Tread With Caution Around YIT Oyj’s (HEL:YIT) 4.4% Dividend Yield

Is YIT Oyj (HEL:YIT) a good dividend stock? How can we tell? Dividend paying companies with growing earnings can be highly rewarding in the long term. Yet sometimes, investors buy a stock for its dividend and lose money because the share price falls by more than they earned in dividend payments.

In this case, YIT Oyj likely looks attractive to investors, given its 4.4% dividend yield and a payment history of over ten years. We’d guess that plenty of investors have purchased it for the income. Before you buy any stock for its dividend however, you should always remember Warren Buffett’s two rules: 1) Don’t lose money, and 2) Remember rule #1. We’ll run through some checks below to help with this.

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HLSE:YIT Historical Dividend Yield, February 26th 2020
HLSE:YIT Historical Dividend Yield, February 26th 2020

Payout ratios

Dividends are typically paid from company earnings. If a company pays more in dividends than it earned, then the dividend might become unsustainable – hardly an ideal situation. As a result, we should always investigate whether a company can afford its dividend, measured as a percentage of a company’s net income after tax. Looking at the data, we can see that 1310% of YIT Oyj’s profits were paid out as dividends in the last 12 months. Unless there are extenuating circumstances, from the perspective of an investor who hopes to own the company for many years, a payout ratio of above 100% is definitely a concern.

Another important check we do is to see if the free cash flow generated is sufficient to pay the dividend. YIT Oyj paid out 113% of its free cash flow last year, which we think is concerning if cash flows do not improve. Cash is slightly more important than profit from a dividend perspective, but given YIT Oyj’s payouts were not well covered by either earnings or cash flow, we would definitely be concerned about the sustainability of this dividend.

We update our data on YIT Oyj every 24 hours, so you can always get our latest analysis of its financial health, here.

Dividend Volatility

From the perspective of an income investor who wants to earn dividends for many years, there is not much point buying a stock if its dividend is regularly cut or is not reliable. For the purpose of this article, we only scrutinise the last decade of YIT Oyj’s dividend payments. This dividend has been unstable, which we define as having been cut one or more times over this time. During the past ten-year period, the first annual payment was €0.50 in 2010, compared to €0.28 last year. This works out to be a decline of approximately 5.6% per year over that time. YIT Oyj’s dividend has been cut sharply at least once, so it hasn’t fallen by 5.6% every year, but this is a decent approximation of the long term change.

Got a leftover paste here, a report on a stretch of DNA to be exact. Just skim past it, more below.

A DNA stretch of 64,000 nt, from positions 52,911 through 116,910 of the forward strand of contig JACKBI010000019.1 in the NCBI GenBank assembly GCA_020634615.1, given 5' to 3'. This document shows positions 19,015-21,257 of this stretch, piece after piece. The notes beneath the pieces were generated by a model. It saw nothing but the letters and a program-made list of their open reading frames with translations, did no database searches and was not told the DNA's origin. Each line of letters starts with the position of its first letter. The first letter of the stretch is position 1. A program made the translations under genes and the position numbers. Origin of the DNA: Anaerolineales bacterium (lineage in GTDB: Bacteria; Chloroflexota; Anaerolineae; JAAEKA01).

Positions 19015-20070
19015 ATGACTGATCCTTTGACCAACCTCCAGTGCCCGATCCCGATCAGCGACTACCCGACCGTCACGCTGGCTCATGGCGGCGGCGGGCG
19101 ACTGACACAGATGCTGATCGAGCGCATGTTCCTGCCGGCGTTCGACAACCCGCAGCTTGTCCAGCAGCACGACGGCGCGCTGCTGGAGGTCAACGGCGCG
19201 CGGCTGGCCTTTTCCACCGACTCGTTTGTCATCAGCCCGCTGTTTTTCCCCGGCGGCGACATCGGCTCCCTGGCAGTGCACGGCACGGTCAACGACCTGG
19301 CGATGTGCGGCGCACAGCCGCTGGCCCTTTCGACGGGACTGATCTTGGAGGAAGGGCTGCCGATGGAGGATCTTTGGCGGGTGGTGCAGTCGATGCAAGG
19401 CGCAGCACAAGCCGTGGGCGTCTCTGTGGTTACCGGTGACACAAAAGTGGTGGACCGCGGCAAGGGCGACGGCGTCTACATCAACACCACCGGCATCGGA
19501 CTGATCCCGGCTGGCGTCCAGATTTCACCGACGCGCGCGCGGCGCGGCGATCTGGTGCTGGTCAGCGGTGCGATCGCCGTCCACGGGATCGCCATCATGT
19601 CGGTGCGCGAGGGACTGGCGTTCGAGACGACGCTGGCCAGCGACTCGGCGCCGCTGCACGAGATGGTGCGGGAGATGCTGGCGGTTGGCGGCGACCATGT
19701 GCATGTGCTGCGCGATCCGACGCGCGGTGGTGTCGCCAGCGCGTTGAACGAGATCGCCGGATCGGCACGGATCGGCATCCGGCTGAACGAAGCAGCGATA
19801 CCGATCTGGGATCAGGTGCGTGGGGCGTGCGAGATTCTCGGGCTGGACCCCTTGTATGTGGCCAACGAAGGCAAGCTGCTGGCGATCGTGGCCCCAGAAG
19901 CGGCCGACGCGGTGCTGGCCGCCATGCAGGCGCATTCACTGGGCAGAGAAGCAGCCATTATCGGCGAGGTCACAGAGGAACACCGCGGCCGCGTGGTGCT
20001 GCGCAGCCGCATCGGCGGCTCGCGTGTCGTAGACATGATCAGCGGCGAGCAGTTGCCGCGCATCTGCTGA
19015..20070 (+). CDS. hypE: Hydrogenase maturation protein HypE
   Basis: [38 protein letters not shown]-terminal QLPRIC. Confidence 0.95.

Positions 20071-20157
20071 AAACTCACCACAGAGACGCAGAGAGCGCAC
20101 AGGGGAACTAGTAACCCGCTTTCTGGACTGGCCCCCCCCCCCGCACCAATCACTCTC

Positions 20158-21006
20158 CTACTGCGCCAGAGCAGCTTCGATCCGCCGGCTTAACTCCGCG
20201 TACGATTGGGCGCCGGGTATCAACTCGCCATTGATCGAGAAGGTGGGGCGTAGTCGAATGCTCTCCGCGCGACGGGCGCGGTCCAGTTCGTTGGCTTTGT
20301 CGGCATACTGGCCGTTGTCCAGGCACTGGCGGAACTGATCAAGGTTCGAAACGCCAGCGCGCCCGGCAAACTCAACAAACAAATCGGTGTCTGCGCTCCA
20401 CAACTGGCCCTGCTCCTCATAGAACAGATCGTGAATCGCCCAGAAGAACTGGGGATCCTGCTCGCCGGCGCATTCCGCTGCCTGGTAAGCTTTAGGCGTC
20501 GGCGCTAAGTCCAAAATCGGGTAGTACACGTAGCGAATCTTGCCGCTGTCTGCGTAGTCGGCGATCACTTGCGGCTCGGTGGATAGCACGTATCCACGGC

We struggle to make a case for buying YIT Oyj for its dividend, given that payments have shrunk over the past ten years.

Dividend Growth Potential

Given that dividend payments have been shrinking like a glacier in a warming world, we need to check if there are some bright spots on the horizon. Over the past five years, it looks as though YIT Oyj’s EPS have declined at around 46% a year. With this kind of significant decline, we always wonder what has changed in the business. Dividends are about stability, and YIT Oyj’s earnings per share, which support the dividend, have been anything but stable.

Conclusion

When we look at a dividend stock, we need to form a judgement on whether the dividend will grow, if the company is able to maintain it in a wide range of economic circumstances, and if the dividend payout is sustainable. We’re a bit uncomfortable with YIT Oyj paying out a high percentage of both its cashflow and earnings. Earnings per share are down, and YIT Oyj’s dividend has been cut at least once in the past, which is disappointing. There are a few too many issues for us to get comfortable with YIT Oyj from a dividend perspective. Businesses can change, but we would struggle to identify why an investor should rely on this stock for their income.

Given that earnings are not growing, the dividend does not look nearly so attractive. Businesses can change though, and we think it would make sense to see what analysts are forecasting for the company.

If you are a dividend investor, you might also want to look at our curated list of dividend stocks yielding above 3%.

If you spot an error that warrants correction, please contact the editor at editorial-team@simplywallst.com. This article by Simply Wall St is general in nature. It does not constitute a recommendation to buy or sell any stock, and does not take account of your objectives, or your financial situation. Simply Wall St has no position in the stocks mentioned.

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